With friends like Musharraf, who needs enemies?

Thursday, November 8, 2007 | 10:00 a.m. CST; updated 10:50 a.m. CST, Wednesday, February 4, 2009

COLUMBIA — Over the past three years, my curiosity has lead to me explore morality, the study of ethics and secular versus sectarian human values. It is a question of good versus evil, and what happens when we must choose the lesser of two evils instead of taking the road to a higher moral plain.

1979 — For those of you who are too young to remember, did not listen in your world history classes or just did not care, the time was filled with fear, both real and imagined. Fear of the USSR, China, Cuba and the growing influence of communism in our hemisphere and around the world. It was also fear of the possibility of an all-out nuclear war. MAD — mutual assured destruction — was at hand.

There were dictators, many supported by the United States because they opposed communism. Two of the dictators, the shah of Iran and Saddam Hussein, were staunchly anti-communist and, thusly, allies of Uncle Sam. Both made unkept promises to establish democracies and were corrupt, iron-fisted, ruthless rulers who would have made Josef Stalin proud. Fortunately, the rule of these two men did not overlap.

1998 — India and Pakistan were both established nuclear powers. One year later, Pervez Musharraf gained political power in Pakistan after a “bloodless” coup and, by default, became the newest nuclear power player. He named himself president to solidify his rule, threatened his neighbors and made false promises to build a road to a democracy. He is corrupt, iron-fisted and ruthless. Sound familiar?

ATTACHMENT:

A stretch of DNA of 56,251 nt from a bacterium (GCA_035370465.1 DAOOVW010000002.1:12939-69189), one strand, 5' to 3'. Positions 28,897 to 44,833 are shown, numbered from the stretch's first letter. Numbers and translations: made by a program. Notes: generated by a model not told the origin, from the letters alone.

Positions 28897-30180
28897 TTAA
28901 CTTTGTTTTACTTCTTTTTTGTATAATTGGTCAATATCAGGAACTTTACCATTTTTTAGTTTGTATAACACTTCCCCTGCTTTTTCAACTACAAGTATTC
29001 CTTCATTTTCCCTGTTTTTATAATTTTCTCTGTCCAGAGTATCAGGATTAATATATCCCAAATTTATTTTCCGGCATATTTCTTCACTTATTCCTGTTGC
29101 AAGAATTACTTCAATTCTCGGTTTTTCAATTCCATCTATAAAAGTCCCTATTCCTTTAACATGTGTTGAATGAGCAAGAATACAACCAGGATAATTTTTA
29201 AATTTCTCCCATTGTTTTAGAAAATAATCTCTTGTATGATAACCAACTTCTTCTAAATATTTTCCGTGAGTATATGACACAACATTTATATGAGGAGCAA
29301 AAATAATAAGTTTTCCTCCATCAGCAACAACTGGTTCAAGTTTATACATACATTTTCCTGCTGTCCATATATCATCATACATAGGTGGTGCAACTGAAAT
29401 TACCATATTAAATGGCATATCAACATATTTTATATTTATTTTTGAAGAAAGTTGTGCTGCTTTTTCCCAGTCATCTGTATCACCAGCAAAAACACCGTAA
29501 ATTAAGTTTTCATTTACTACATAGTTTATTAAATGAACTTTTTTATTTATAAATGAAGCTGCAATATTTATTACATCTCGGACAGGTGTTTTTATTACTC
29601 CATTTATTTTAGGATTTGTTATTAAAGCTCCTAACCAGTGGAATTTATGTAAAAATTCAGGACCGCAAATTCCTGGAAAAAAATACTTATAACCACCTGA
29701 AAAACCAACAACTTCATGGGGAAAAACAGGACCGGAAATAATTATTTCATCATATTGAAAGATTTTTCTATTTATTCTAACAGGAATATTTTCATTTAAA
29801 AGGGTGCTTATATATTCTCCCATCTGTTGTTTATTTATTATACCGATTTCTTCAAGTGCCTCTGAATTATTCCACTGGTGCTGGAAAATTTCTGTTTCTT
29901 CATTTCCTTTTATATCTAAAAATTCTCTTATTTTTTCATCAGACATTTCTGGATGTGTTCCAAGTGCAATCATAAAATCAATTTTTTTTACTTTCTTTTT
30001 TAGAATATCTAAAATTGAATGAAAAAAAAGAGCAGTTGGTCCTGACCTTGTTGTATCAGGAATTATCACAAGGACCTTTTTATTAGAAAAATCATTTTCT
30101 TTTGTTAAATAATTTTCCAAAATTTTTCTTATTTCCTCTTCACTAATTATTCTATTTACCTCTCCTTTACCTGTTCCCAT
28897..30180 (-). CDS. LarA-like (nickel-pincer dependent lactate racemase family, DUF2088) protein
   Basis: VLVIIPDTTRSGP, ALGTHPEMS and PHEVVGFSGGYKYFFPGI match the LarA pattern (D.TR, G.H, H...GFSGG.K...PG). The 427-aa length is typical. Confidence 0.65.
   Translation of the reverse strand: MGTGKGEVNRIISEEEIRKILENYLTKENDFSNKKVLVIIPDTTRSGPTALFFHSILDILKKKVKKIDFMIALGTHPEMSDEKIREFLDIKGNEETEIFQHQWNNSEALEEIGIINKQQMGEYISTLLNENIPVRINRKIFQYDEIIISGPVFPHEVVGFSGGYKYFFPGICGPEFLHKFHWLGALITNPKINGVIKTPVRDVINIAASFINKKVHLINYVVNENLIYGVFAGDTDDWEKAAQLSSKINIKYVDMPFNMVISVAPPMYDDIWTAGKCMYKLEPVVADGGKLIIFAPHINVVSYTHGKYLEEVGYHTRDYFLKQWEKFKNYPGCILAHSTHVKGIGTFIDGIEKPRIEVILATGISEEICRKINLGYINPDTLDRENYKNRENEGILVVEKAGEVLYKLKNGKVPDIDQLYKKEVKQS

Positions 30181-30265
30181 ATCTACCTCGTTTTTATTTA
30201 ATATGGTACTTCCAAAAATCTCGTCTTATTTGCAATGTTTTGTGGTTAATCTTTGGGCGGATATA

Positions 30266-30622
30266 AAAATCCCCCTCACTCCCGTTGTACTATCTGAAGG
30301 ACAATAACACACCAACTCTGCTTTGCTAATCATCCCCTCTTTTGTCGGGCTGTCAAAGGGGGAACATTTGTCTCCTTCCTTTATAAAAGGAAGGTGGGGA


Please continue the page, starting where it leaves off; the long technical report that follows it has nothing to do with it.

But then came September 11, 2001, and Pakistan’s role in world politics changed.

We needed Pakistan and Musharraf as an important “ally” to the united front that was fighting the Taliban and “Muslim extremists” in Afghanistan. Even with his finger on a nuclear trigger, an unstable government and his threats against nuclear rival India, Musharraf’s status changed. The general/president continued to be wooed by the United States. We gave them arms, money and technical support, just as we did with the dictators of Iran and Iraq decades earlier. It is history repeating itself.

Last weekend, the president of Pakistan suspended the country’s constitution and declared martial law. It is a Muslim country halfway around the planet, accused of supporting various factions of terrorist groups, including the Taliban. So why should we here in the middle of Middle America care? If history repeats itself, if the United States and its government does nothing, it could be the start of World War III. Now I’m sounding like President Bush.

With the shah and Hussein, we chose the lesser of the two evils. The United States rarely chooses “good,” the high road of morality, over the lesser of two evils. We did not when President Roosevelt refused the entry of 900 German Jews as refugees, returning them to Germany where they all met their deaths in concentration camps. We did not concern ourselves with the deaths of thousands of innocents in Darfur, Uganda, East Timor and other ethnic conflicts. Nor have we stood up for organizations struggling to attain democracy, in hopes of attaining “life, liberty, and the pursuit of happiness.”

There have been exceptions. President Clinton took the high road by ending the genocide in the Balkans, using Teddy Roosevelt’s “speak softly and carry a big stick” policy. Jimmy Carter took the high road, bringing peace to the Middle East through negotiations. We can do the same today.

When an “ally” takes away personal freedoms, closes the free press and denies the right of democracy to its citizens, the United States needs to take swift, decisive and direct diplomatic action, all the while showing its big stick. We need to stand up for the high moral principles we hold so close to our hearts. We need to take the high road to say, “We are a moral people and we will act!” It is the right thing to do.

David Rosman is a business and political communications consultant, professional speaker and instructor at Columbia College. He welcomes your comments at

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